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China clamps down on expats working in China – but which visa type is required?

Posted on December 30, 2011 by China Briefing

chinese-visaDec. 30 – China currently issues nine different types of visa for various purposes, however for foreign nationals working in China, only the Z visa is valid. Here we provide details on all of the different types of visas and their applications and permitted uses as follows. A summary on the Z visa situation and the required supporting documentation is provided at the end.

The nine types of Chinese visas fall into two categories, namely, ordinary and diplomatic visas. The ordinary visa consists of eight types, which are respectively marked with Chinese phonetic letters F, L, Z, X, C, J-1, J-2 and G. The diplomatic visa is marked D.

USTR and USDA welcome concrete results in trade negotiations, reiterate need to achieve greater market access for U.S. exporters

Chengdu, China – [Nov. 21, 2011] marked the conclusion of the 22nd session of the U.S.-China Joint Commission on Commerce and Trade (JCCT) in Chengdu, China. United States Trade Representative Ron Kirk and U.S. Secretary of Commerce John Bryson co-chaired the JCCT along with Chinese Vice Premier Wang Qishan. U.S. Secretary of Agriculture Tom Vilsack also participated in the discussions.

Editor's note: The Information Office of the State Council issued a white paper on China's peaceful development on Sept. 6, 2011. Following is the full text:

Situated in the East, China, a country with an ancient civilization and a population of more than 1.3 billion, is making big strides in its advance toward modernization. What path of development has China chosen? What will China's development bring to the rest of the world? These issues are the focus of the whole world.

China has declared to the rest of the world on many occasions that it takes a path of peaceful development and is committed to upholding world peace and promoting common development and prosperity for all countries. At the beginning of the second decade of the 21st century and on the occasion of the 90th anniversary of the founding of the Communist Party of China (CPC), China declared solemnly again to the world that peaceful development is a strategic choice made by China to realize modernization, [to] make itself strong and prosperous, and [to] make more contribution[s] to the progress of human civilization. China will unswervingly follow the path of peaceful development.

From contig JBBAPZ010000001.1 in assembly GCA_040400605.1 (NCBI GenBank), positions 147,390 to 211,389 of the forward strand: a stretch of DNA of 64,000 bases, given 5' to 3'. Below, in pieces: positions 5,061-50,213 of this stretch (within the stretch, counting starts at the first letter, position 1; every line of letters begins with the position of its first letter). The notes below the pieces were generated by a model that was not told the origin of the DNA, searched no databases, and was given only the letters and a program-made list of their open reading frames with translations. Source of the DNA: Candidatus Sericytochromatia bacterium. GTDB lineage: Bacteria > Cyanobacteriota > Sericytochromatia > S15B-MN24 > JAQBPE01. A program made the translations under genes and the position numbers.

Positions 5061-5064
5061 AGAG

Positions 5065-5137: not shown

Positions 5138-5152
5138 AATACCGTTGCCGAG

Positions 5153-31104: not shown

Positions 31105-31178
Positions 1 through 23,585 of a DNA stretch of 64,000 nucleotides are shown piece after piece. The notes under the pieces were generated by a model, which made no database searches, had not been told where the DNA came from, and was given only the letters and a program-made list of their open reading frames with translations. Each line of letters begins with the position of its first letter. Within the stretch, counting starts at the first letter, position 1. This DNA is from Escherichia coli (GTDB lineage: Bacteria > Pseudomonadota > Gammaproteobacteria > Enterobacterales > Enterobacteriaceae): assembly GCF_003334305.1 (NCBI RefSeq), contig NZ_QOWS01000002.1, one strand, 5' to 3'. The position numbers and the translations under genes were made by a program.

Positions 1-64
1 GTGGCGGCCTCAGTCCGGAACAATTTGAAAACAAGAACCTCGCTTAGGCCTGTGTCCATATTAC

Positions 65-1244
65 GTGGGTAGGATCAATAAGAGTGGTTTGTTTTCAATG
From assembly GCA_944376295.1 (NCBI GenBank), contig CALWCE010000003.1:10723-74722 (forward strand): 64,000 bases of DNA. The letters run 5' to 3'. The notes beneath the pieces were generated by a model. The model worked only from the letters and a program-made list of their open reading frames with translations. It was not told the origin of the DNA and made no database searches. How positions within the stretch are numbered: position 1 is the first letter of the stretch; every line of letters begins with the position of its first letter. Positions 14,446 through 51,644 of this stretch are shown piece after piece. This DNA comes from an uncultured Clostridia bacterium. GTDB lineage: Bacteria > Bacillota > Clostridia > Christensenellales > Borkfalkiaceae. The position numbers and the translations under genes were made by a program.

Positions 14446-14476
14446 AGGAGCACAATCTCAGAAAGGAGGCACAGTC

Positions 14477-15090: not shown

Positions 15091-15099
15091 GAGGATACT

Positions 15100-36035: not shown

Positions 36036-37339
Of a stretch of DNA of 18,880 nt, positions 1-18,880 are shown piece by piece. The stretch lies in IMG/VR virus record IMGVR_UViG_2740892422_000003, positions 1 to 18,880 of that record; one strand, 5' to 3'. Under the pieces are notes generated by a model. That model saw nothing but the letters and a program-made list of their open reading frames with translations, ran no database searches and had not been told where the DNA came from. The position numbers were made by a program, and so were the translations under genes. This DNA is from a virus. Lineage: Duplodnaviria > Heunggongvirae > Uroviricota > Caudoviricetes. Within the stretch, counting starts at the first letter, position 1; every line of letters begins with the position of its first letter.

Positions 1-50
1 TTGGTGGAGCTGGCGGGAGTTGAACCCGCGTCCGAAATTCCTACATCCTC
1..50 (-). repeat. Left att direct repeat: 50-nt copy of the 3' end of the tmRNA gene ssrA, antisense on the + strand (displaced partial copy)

By Christine Wong Yap, New America Media, Posted: Apr 17, 2011

Ever since international artist Ai Weiwei’s arrest by Chinese security forces, I’ve felt compelled to speak out against China’s human rights abuses. I am a Chinese-American artist whose deepening sense of pride in my parents’ homeland prompted me to identify as an overseas Chinese. Now that pride is superceded by a deeper moral imperative—to demand Ai’s release. If such a high-profile figure can be "disappeared" despite pressure from officials and major art institutions, then it follows that the Chinese government can perpetrate countless other human rights violations without consequence.

By Adam Livermore

The social security system in China is based upon guidelines issued by the central government, although the specifics and administration of the system is managed at the local level. This is the only practical method in a country as diverse as China, as any rigid system defining specific contributions to be made and benefits receivable could not be expected to meet the needs of citizens in cities as diverse as Lhasa, Harbin, Shanghai or Zhongshan for instance.

By Chung-yue Chang, China Daily

The just-concluded annual sessions of the National People's Congress (NPC) and the Chinese People's Political Consultative Conference (CPPCC) National Committee were especially important for two reasons. First, they signaled the beginning of the 12th Five Year Plan (2011-2015). Second, the new plan signals the formal restructuring of China's economy to focus on domestic development. Many believe that the end result will be momentous, in large part because of China's pivotal role in helping the world economy recover.

NEW YORK - China is looking toward creating a balanced economy not just allowing some people to get rich, but the entire country to prosper in a more even manner, a U.S. scholar said in New York on [Oct. 26].

WASHINGTON – The nation's Asian population became the fastest growing race over the past decade, experiencing a 43 percent increase from 2000 to 2010, according to newly released figures from the U.S. Census Bureau.

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